PA Must Reads: Local Jobs Data, Holding the Jobless Hostage and the History of Banker Pay

A blog post by Mark Price, originally published at Third and State.

The Pennsylvania Department of Labor and Industry (L&I) has released local data on jobs in December. Later today L&I will release the full data here. What follows is a run down of how newspapers across the commonwealth covered the new release.

Randolph Sexton of York, a recent graduate of YTI Career Institute, waits to be called for an appointment Monday at Cheddar’s Casual Café in Manchester Township. Christopher Paules has likely cooked your lunch or dinner. The long-time culinarian has worked or managed kitchens for many of the chains and clubs that pepper York County, including Regents’ Glen Country Club, Ruby Tuesday and the Olive Garden. And despite his skills, Paules has struggled the last few years to find a job that offers both security and enough hours to make a living. On Monday morning, the Dover Township resident was one of more than 100 people who stopped by the soon-to-open Cheddar’s Casual Café in Manchester Township to fill out a job application…

In December, the county’s unemployment rate remained unchanged at 7.7 percent — one tenth of a percentage point above the state’s rate of 7.6 percent, according to data released today by the Pennsylvania Department of Labor & Industry.

Unemployment in the Scranton/Wilkes-Barre/Hazleton metro area decreased three-tenths of a percentage point in December to 8.9 percent.

The region’s jobless rate was the lowest since May, when it was 8.7 percent, according to state Department of Labor and Industry data released today. Nevertheless, the metro area led the state in unemployment for the 21st straight month.

Unemployment declined in Reading and Berks County in December. The city’s jobless rate fell to 11 percent in December from a revised 11.6 percent in November, while the county’s jobless rate fell to 7.9 percent from 8 percent in November, according to statistics provided today by the state Department of Labor and Industry…

In December, Reading’s unemployment rate remained fourth-highest among the state’s 80 largest municipalities. Hazleton, with a rate of 11.7 percent; and Chester and York, both with a rate of 11.3 percent, had higher jobless rates than Reading…

In Berks, a total of 187,200 were employed in December, up from 186,200 in November, and up from 183,300 a year prior.

Unemployment in the Pittsburgh region followed state and national trends in December and fell, dropping two-tenths of a percentage point to hit 6.9 percent, the Pennsylvania Department of Labor and Industry reported today.

The Pittsburgh region’s nonfarm job total reached its highest level since April 2001, increasing by 5,200 to 1.15 million.

The Pittsburgh region is the state’s second-largest labor market and had the fifth-lowest unemployment rate in December.

Unemployment in Harrisburg-Carlisle fell to 6.9 percent in December, down two-tenths of a percent from November, according to new figures from the Pennsylvania Department of Labor and Industry.

When adjusted for seasonal jobs, the Harrisburg-Carlisle region had 259,700 jobs as of December, 2011, up from 258,800 in December, 2010. There were 19,300 unemployed workers, compared to 21,500 in 2010.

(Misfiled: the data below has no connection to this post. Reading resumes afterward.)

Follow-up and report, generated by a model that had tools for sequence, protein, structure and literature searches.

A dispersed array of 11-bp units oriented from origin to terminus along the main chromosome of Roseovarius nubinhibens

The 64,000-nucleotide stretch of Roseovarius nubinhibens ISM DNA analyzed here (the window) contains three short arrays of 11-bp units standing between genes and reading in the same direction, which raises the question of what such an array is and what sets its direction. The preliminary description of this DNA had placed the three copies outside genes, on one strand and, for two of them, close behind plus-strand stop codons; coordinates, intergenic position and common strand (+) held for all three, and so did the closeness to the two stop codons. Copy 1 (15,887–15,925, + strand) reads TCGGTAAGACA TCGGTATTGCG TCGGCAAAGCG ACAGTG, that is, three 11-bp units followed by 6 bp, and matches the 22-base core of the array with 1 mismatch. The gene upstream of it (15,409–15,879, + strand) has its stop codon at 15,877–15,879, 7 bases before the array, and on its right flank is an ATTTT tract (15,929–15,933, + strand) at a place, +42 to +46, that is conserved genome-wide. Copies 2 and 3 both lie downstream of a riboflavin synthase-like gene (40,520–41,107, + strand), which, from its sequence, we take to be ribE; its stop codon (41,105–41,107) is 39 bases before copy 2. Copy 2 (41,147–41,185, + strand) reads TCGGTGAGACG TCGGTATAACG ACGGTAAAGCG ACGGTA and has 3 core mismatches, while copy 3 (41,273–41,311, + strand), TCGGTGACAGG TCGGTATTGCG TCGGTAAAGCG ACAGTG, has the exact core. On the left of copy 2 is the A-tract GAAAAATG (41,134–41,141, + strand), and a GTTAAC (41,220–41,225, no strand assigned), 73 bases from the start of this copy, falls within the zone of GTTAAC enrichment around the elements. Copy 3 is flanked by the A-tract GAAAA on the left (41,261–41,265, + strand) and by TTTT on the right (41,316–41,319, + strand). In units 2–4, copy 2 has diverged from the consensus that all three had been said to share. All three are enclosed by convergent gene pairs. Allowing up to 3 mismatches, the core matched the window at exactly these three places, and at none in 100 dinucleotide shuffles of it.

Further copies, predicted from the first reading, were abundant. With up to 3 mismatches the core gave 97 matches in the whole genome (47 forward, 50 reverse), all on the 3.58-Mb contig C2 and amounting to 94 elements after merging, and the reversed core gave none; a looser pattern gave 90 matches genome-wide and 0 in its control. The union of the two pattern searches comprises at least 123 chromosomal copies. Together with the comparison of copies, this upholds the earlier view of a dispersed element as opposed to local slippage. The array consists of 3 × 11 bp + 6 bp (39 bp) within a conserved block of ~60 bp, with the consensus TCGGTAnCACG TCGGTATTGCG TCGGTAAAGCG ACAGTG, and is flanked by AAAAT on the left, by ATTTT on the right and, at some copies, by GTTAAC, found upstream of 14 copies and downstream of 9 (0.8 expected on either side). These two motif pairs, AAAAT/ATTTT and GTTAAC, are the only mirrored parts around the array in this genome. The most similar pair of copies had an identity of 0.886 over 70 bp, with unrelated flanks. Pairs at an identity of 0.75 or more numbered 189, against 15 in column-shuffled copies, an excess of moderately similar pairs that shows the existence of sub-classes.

The bottom line is that the economy is improving slowly. Unemployment remains abnormally high even in regions that have the lowest unemployment rates in the Commonwealth. Workers who are laid off each month because of the continued weakness in the economy face a prolonged job search.

The Pittsburgh Post-Gazette reports this morning that a minor legislative change required to maintain access to federally financed extended unemployment benefits for 17,000 Pennsylvania workers faces an uncertain future as the Pennsylvania Chamber of Business and Industry pushes the state House of Representatives to delay passage of the bill. The business lobby is seeking to hold the extension hostage in order to push for changes that will in the short run benefit its members but in the long run undermine the overall effectiveness of the unemployment insurance system for the rest of us.

Thousands of Pennsylvanians will see their federally funded unemployment benefits expire after this week, with legislation to extend those checks lingering in the state House of Representatives.

A pending measure, which passed the state Senate last week, would offer 13 additional weeks of benefits to the state’s jobless residents. The federal funding was approved by Congress in December but requires the state to tweak its unemployment compensation rules in order to receive those dollars.

That bill is awaiting consideration by a House panel, which has a vote scheduled for Monday. Legislative staffers say the belatedly approved benefits would be retroactive, but pressures to also enact broader changes to the state’s unemployment compensation system could further hold up that assistance.

Approximately 17,000 residents would be affected if the benefit extension is not approved, according to the state’s Department of Labor & Industry.

Speaking of people seeking short term gains at the expense of the rest of us, Gillian Tett of The Financial Times has an excellent summary of the history of banker pay. While I don’t share Tett’s optimism that the current abnormal levels of pay in the financial sector are at an end, it is a step in the right direction to at least acknowledge that banker pay is out of step with historical norms.